Prevalence and Associated Factors of Intimate Partner Violence During Pregnancy in Eastern Ethiopia
Received 18 January 2020
Accepted for publication 27 March 2020
Published 5 May 2020 Volume 2020:12 Pages 339—358
Checked for plagiarism Yes
Review by Single anonymous peer review
Peer reviewer comments 2
Editor who approved publication: Dr Everett Magann
Wondimye Ashenafi,1 Bezatu Mengistie,2 Gudina Egata,1 Yemane Berhane3
1School of Public Health, College of Health and Medical Sciences, Haramaya University, Harar, Ethiopia; 2Department of Environmental Health Science, College of Health and Medical Sciences, Haramaya University, Harar, Ethiopia; 3Department of Epidemiology, Addis Continental Institute of Public Health, Addis Ababa, Ethiopia
Correspondence: Wondimye Ashenafi
School of Public Health, College of Health and Medical Sciences, Haramaya University, Harar, Ethiopia
Background: Intimate partner violence is a major public health problem and a gross violation of human rights. The consequences of this violation are severe during pregnancy as the fetus/newborn could also be affected negatively. The aim of this study was to assess the prevalence and associated factors of intimate partner violence during pregnancy (IPVP) in Eastern Ethiopia.
Methods: A community-based cross-sectional study was conducted among 3015 postpartum mothers in Eastern Ethiopia. Data were collected using the WHO Violence Against Women questionnaire. Factors associated with IPVP were assessed by a log-binomial regression model using Stata version 14.
Results: The overall prevalence of IPVP was 30.5% (95% CI: 28.8, 32.1); the prevalence for psychological violence was 24.4% (95% CI: 22.9, 26.0), physical violence was 11.9% (95% CI: 10.8, 13.2) and sexual violence was 11.0% (95% CI: 9.9, 12.2). About 95% of acts of sexual violence were in the form of forced sex. In multivariable analysis, women’s education was associated with a decreased prevalence of all forms of IPVP. Previous experience of infant loss and not drinking alcohol were associated with lower prevalence of all IPVP types, except for the physical form. Working for cash and having medium household decision-making autonomy increased the prevalence of all forms of IPVP. Being older, living in an extended family, husband’s/partner’s habitual khat chewing and discordant pregnancy intentions increased the prevalence ratio (PR) of all forms of IPVP, except for sexual violence. Compared to being urban, being rural decreased the PR of sexual IPVP by 59% (adjusted prevalence ratio [APR]=0.41; 95% CI: 0.27, 0.60) and psychological IPVP by 32% (APR=0.68; 95% CI: 0.53, 0.87). Husband’s/partner’s support for antenatal care use decreased the PR of physical IPVP by 56% (APR=0.44; 95% CI: 0.25, 0.78).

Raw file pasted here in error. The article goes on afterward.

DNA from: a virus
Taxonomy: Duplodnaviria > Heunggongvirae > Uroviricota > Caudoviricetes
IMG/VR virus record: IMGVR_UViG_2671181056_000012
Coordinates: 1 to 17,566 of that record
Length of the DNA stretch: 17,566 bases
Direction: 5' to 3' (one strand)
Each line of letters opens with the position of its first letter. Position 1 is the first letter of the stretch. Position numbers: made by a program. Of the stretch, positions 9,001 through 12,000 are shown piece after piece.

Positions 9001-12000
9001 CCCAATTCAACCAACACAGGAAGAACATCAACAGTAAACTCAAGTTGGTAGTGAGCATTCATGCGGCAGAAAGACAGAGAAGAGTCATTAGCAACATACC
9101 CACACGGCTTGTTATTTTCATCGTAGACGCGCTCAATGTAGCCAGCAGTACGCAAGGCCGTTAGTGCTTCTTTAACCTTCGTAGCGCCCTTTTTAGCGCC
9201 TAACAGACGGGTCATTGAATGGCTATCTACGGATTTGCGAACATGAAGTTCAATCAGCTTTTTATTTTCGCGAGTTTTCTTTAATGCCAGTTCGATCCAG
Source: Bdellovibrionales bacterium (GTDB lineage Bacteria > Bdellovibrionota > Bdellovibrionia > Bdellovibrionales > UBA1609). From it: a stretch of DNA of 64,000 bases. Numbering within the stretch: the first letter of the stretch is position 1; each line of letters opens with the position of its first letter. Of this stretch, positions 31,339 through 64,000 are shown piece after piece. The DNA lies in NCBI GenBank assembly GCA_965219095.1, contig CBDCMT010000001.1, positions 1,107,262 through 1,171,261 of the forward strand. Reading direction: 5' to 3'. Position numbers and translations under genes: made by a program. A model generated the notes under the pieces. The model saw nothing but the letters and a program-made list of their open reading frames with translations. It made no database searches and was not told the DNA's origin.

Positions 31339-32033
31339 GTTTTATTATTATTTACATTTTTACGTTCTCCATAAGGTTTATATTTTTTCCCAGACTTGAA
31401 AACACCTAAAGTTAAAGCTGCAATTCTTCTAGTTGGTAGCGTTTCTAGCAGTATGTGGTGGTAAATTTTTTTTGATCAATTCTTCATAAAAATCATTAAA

Conclusion: Nearly one-third of pregnant women experienced IPVP. The great majority of them were subjected to forced sex by their husband/partner. This calls for urgent attention at all levels of societal organization, requiring stakeholders and policy makers to tackle the situation.
Keywords: intimate partner violence, pregnancy, women, abuse, Ethiopia
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